couple in love since 5th grade

I'm not crying, you're crying!

scontent-lax3-2.xx.fbcdn.net

Hagwood continues to teach and will welcome another class in the fall. Coincidentally, that’s when Peyton and Simon will officially tie the knot, according to People.

Congratulations to the happy couple who gave us all a wholesome love story to smile about today. I guess the adage is true: when you know, you know.

Courtesy of Molly Simonson Lee

Flight attendant sits on floor to comfort passenger

Not everyone enjoys flying. The level of non-enjoyment can range from mild discomfort to full blown Aerophobia, which is defined as an extreme fear of flying. While flying is the quickest way to get to far away destinations, for some people being that far off the ground is terrifying and they'd rather take their chances on the ground.

A passenger flying from Charlotte-Douglas International Airport in North Carolina to JFK International Airport in New York confronted that fear while flying with Delta. The woman, who is currently still unidentified expressed that she was nervous to fly according to Molly Simonson Lee, a passenger seated behind the woman who witnessed the encounter. Tight spaces don't make for much privacy, but in this case, the world is better for knowing this took place.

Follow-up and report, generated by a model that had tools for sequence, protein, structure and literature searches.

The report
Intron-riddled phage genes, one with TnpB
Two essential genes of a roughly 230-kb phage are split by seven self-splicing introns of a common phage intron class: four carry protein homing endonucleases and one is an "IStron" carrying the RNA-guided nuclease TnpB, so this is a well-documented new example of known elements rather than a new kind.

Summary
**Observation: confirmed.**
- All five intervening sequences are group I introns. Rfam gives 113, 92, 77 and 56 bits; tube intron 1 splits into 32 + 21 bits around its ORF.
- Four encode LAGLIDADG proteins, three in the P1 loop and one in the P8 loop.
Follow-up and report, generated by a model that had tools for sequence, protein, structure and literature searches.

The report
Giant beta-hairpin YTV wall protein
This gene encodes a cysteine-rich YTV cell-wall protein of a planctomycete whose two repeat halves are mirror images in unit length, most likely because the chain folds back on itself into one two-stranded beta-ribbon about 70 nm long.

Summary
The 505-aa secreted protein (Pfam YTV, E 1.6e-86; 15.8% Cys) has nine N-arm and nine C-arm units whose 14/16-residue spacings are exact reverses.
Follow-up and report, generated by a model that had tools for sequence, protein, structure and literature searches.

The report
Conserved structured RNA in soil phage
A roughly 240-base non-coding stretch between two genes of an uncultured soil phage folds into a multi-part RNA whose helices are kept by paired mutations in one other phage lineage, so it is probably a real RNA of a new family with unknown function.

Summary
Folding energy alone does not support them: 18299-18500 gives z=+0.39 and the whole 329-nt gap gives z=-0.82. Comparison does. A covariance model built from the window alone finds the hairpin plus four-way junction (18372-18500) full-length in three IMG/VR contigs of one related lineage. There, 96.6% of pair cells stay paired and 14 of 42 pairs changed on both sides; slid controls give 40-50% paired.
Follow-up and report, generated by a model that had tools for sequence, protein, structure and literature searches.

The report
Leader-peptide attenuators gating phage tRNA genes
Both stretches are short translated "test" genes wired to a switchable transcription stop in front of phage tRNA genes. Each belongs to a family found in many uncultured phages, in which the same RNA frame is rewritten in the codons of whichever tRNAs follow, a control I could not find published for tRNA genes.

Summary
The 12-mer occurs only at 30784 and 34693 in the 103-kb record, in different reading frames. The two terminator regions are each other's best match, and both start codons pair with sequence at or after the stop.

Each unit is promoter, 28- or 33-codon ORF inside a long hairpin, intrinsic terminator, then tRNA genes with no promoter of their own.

Keep ReadingShow less
Science

Engineering students created a life-size 'Operation' game—with a fun twist on the fail buzzer

The game trades in tweezers for tongs and the anxiety-producing buzzer for an audio meme.

Students at Washington State University created a life-size Operation game.

Anyone who has ever played the game Operation likely feels a teensy bit of anxiety just thinking about it. The experience of painstakingly trying to extract the Charlie Horse with those tiny, wired tweezers with a steady hand, only to accidentally touch the metal side and get the lightning-like jolt of the buzzer is hard to shake. That's the stuff of core memories right there.

But what if you had a humongous game board the size of a real human, with life-size bones and organs to extract? What if instead of tweezers, you had large tongs as tools to perform your operation? What if instead of Pavlovian-style fail buzzers, the game produced a much less traumatic womp womp womp sound when you mess up?

Keep ReadingShow less
via Tod Perry

An artist's recreation of Jackie's napkin note.

A woman named Jackie pulled a move straight out of a romantic comedy recently, and it has the internet rallying around her potential love interest. Jackie met a guy at a bar and liked him so much that she gave him her phone number. Well, 80% of her number, that is.

The world heard about it on January 17 when Twitter user Henpecked Hal and shared a picture of the napkin with her partial phone number written on it. "My 22-year-old cousin met his dream girl at a bar and it's going pretty well,” Hal wrote in the tweet.

Keep ReadingShow less